Preston’s daily coronavirus cases recorded their largest daily increase in weeks as a number of primary schools in the city decided to defy government advice and stay closed.Advertisement
New coronavirus figures for Sunday (3 January) showed the city recorded 138 positive cases.
South Ribble also went back over 100, with 103 new confirmed cases for the same day.
Wyre was up by 91, Ribble Valley recorded 80 cases and Fylde had 51.
See the latest coronavirus cases and information near you
Preston and Lancashire remain in tier-4 restrictions, meaning a ‘stay at home’ order has been issued, non-essential shops must close and you can only meet one person from another household outdoors at any time.
Lancashire County Council appeared to give headteachers the flexibility to delay reopening after the Christmas holidays.
During Sunday (3 January) the county council’s cabinet member for children, young people and schools, counillor Philippa Williamson, urged primary schools to re-open.
But she also said: “The ultimate decision on whether to open remains with each individual school. Each of those schools knows their own circumstances best, and we will support them to help make the right decision for their pupils and staff.”
Within an hour three Preston primary schools, that Blog Preston is aware of at this time, have announced they will be staying closed to pupils until Friday 15 January at least. The government has said all primary schools, apart from those in London or places with high Covid-19 infection rates, should re-open on Monday (4 January).
The headteacher of Fishwick Primary School cited staff following their union advice not to come into the workplace, while Ribbleton’s Blessed Sacrament’s headteacher said it was down to ‘safety’ as ‘infection rates were rising’.
Read more: Lea Community Primary School headteacher’s letter to parents about Covid-19 closure
Lancashire’s director of public health Dr Sakthi Karunanithi said: “Although infection rates are on the rise in Lancashire, we are not in the same situation as London and the South East of England where the new variant has really taken hold. That means that we can and should encourage schools to stay open where they can. Clearly this is a fast-moving situation and must be kept under constant review, both locally and by government.”
Preston City Council’s leader councillor Matthew Brown urged all primary schools in the city, and in Lancashire, to defy the government and remain closed.
He said Covid was ‘out of control’ nationally. His call was backed by other Labour-led district council leaders including South Ribble Borough Council’s leader councillor Paul Foster.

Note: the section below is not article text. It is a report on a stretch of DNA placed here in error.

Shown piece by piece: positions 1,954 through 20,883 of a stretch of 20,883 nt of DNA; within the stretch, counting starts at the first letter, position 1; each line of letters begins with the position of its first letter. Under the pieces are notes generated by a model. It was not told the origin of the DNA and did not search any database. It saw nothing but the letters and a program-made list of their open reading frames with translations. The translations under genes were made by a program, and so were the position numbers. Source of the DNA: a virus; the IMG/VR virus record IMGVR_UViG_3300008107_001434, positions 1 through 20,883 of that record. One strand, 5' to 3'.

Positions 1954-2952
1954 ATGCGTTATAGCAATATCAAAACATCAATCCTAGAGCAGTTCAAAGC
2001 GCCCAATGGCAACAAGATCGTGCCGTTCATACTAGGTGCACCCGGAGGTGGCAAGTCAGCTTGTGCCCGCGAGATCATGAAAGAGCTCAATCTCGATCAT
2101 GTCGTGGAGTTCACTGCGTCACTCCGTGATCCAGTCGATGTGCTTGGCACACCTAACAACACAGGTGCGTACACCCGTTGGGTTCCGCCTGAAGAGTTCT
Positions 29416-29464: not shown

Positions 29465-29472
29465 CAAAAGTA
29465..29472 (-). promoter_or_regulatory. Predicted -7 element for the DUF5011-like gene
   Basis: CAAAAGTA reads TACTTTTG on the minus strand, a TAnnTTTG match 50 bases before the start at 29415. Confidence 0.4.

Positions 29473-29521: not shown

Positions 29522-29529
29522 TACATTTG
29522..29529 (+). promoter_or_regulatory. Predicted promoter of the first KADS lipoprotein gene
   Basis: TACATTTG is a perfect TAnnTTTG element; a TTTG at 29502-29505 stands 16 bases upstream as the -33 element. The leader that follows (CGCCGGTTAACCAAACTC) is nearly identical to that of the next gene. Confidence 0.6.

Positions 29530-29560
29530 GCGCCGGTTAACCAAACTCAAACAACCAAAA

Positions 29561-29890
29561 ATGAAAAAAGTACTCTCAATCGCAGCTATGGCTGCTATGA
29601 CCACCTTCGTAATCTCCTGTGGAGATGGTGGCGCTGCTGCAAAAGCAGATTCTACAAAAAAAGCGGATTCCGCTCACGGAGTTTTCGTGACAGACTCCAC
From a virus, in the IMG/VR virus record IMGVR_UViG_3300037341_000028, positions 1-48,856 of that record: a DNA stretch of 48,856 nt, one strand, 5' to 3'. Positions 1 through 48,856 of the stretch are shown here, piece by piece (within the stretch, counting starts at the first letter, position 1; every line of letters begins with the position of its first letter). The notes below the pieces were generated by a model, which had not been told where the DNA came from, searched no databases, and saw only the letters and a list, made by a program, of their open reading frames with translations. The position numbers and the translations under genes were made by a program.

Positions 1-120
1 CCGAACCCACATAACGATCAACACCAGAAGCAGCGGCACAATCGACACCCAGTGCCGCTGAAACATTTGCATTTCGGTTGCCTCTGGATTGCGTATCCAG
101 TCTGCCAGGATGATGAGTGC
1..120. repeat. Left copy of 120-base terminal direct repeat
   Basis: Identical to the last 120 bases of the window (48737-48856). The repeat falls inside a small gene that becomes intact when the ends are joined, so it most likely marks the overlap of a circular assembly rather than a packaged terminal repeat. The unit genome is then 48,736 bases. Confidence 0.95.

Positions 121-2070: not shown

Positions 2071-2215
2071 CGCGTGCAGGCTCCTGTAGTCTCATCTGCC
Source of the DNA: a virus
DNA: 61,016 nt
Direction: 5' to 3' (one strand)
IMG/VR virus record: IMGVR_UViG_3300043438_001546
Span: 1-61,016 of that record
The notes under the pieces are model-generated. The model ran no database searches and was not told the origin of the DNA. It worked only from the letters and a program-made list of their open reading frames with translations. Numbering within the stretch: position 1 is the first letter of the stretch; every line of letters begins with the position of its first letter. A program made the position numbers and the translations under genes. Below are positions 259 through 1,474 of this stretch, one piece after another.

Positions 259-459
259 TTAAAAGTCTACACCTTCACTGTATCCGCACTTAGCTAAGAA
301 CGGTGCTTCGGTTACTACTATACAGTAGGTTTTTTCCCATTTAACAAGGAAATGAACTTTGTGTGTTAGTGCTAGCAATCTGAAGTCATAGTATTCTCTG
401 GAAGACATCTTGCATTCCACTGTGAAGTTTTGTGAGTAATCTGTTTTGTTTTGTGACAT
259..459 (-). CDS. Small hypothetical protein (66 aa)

Read more: NHS recruiting for Covid-19 vaccine roles in Preston and South Ribble
On Sunday morning Prime Minister Boris Johnson had appeared on the BBC’s Andrew Marr Show to say schools were ‘safe’ and pupils should return as planned to primary schools on Monday (4 January).
Mr Johnson said: “Schools are safe. It is very, very important to stress that.
“I would advise all parents thinking about want to do, look at where your area is, overwhelmingly you’ll be in a part of the country where primary schools tomorrow will be open.”
Secondary schools are to have staggered re-openings, with exam-year pupils going back on Monday 11 January and all pupils then back on Monday 18 January.
Labour leader Sir Keir Starmer is pushing for a third national lockdown.
Prime Minister Boris Johnson, during his interview with Andrew Marr, hinted that further restrictions may be necessary as the new variant of Covid-19 continued to spread rapidly after seeing rates in London and the South East escalate.
Labour leader Starmer said: “The virus is clearly out of control.
“We can’t allow the Prime Minister to use up the next two or three weeks and then bring in a national lockdown which is inevitable.
“Do it now. That’s the necessary first step to get the virus back under control.”
Read more: Call for Prestonians to support local traders during tier-4 restrictions
Starmer said the lockdown should be implemented in the next 24-hours.
Mr Johnson, appearing on Marr, said: “It may be that we need to do things in the next few weeks that will be tougher in many parts of the country.
“I’m fully, fully reconciled to that.
“There are obviously a range of tougher measures that we would have to consider.
“I’m not going to speculate now about what they would be, but I’m sure that all our viewers and our listeners will understand what the sort of things… clearly school closures, which we had to do in March, is one of those things.”
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